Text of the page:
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Artery tertiary lymphoid organs in giant cell arteritis are not exclusively located in the media of temporal arteries.
  1. Jacoba Carolien Graver1,
  2. Maria Sandovici1,
  3. Arjan Diepstra2,
  4. Annemieke M H Boots1,
  5. Elisabeth Brouwer1
  1. 1Department of Rheumatology and Clinical Immunology, University of Groningen, University Medical Center Groningen, Groningen, Netherlands
  2. 2Department of Pathology and Medical Biology, University of Groningen, Universitair Medisch Centrum Groningen, Groningen, Netherlands
  1. Correspondence to Dr Elisabeth Brouwer, Department of Rheumatology and Clinical Immunology, UMCG, Hanzeplein 1, 9713 GZ Groningen, Netherlands; e.brouwer{at}

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With great interest, we read the article by Ciccia et al, about artery tertiary lymphoid organs (ATLOs) in giant cell arteritis (GCA) and the association with ectopic expression of constitutive lymphoid tissue-homing chemokines.1 In 50 patients with biopsy-proven GCA that fulfilled the 1990 ACR classification criteria2 and had temporal transmural inflammation, Ciccia et al documented the presence of ATLOs in 60% of the patients. In their study, ATLOs were defined as inflammatory aggregates that displayed a well-defined compartmentalisation of T and B cells. The authors state that ATLOs were exclusively located in the media of the temporal artery. In addition, the authors mention that the location of ATLOs in the media of the inflamed temporal artery is peculiar and deviating from the ‘classic’ adventitial location of ATLOs, as, for instance, seen in atherosclerosis.3 4 However, the figures included in the article do not convincingly provide evidence that the ATLO location is in the media.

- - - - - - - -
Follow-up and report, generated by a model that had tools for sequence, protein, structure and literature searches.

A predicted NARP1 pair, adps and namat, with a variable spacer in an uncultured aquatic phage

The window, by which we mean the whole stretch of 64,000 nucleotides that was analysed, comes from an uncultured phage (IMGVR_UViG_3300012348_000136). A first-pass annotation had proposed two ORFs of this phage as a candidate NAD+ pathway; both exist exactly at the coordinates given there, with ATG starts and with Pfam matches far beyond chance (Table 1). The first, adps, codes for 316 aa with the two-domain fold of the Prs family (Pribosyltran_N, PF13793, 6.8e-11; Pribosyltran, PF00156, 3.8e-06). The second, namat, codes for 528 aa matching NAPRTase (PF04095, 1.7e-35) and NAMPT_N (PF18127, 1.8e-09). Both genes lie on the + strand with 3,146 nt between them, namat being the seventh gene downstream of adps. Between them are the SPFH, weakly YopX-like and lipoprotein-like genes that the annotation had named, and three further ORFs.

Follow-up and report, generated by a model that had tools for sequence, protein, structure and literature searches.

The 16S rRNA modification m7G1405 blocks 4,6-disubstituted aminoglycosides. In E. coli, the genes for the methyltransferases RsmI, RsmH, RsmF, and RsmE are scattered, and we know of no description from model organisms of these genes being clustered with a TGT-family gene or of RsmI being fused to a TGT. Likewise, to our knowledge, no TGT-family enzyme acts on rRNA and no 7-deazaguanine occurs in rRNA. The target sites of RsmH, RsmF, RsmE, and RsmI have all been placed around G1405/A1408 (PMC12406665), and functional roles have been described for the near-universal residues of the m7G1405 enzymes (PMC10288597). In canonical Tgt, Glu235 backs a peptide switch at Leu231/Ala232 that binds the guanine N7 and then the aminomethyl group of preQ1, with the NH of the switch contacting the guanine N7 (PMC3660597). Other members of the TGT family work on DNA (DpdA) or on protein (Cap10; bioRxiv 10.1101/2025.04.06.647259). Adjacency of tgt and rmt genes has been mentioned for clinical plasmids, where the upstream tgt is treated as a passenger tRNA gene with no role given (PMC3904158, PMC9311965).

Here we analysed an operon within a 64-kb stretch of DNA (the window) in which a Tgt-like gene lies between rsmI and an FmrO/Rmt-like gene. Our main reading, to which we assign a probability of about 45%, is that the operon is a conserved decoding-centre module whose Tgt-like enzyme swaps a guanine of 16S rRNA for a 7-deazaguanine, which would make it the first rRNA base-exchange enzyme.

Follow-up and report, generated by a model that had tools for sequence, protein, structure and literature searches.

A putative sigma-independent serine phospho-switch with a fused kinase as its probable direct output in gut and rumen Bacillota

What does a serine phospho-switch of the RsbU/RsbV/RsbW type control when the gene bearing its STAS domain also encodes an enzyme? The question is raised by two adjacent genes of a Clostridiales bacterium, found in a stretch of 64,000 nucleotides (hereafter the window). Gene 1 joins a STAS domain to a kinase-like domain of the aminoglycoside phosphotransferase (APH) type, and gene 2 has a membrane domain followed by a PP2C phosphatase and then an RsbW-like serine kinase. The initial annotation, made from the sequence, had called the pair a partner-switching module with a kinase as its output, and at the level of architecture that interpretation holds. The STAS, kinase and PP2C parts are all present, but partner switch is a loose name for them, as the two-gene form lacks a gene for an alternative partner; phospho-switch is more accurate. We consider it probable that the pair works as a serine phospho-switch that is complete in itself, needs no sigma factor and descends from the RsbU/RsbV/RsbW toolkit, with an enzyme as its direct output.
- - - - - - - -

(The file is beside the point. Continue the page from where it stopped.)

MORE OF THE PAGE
Until recently, B cells have received little attention as putative players in the immunopathology of GCA. B cells and germinal centre formation were reported to be absent from vascular infiltrates, and in spite of several attempts, no disease-specific autoantibody production has been identified. …

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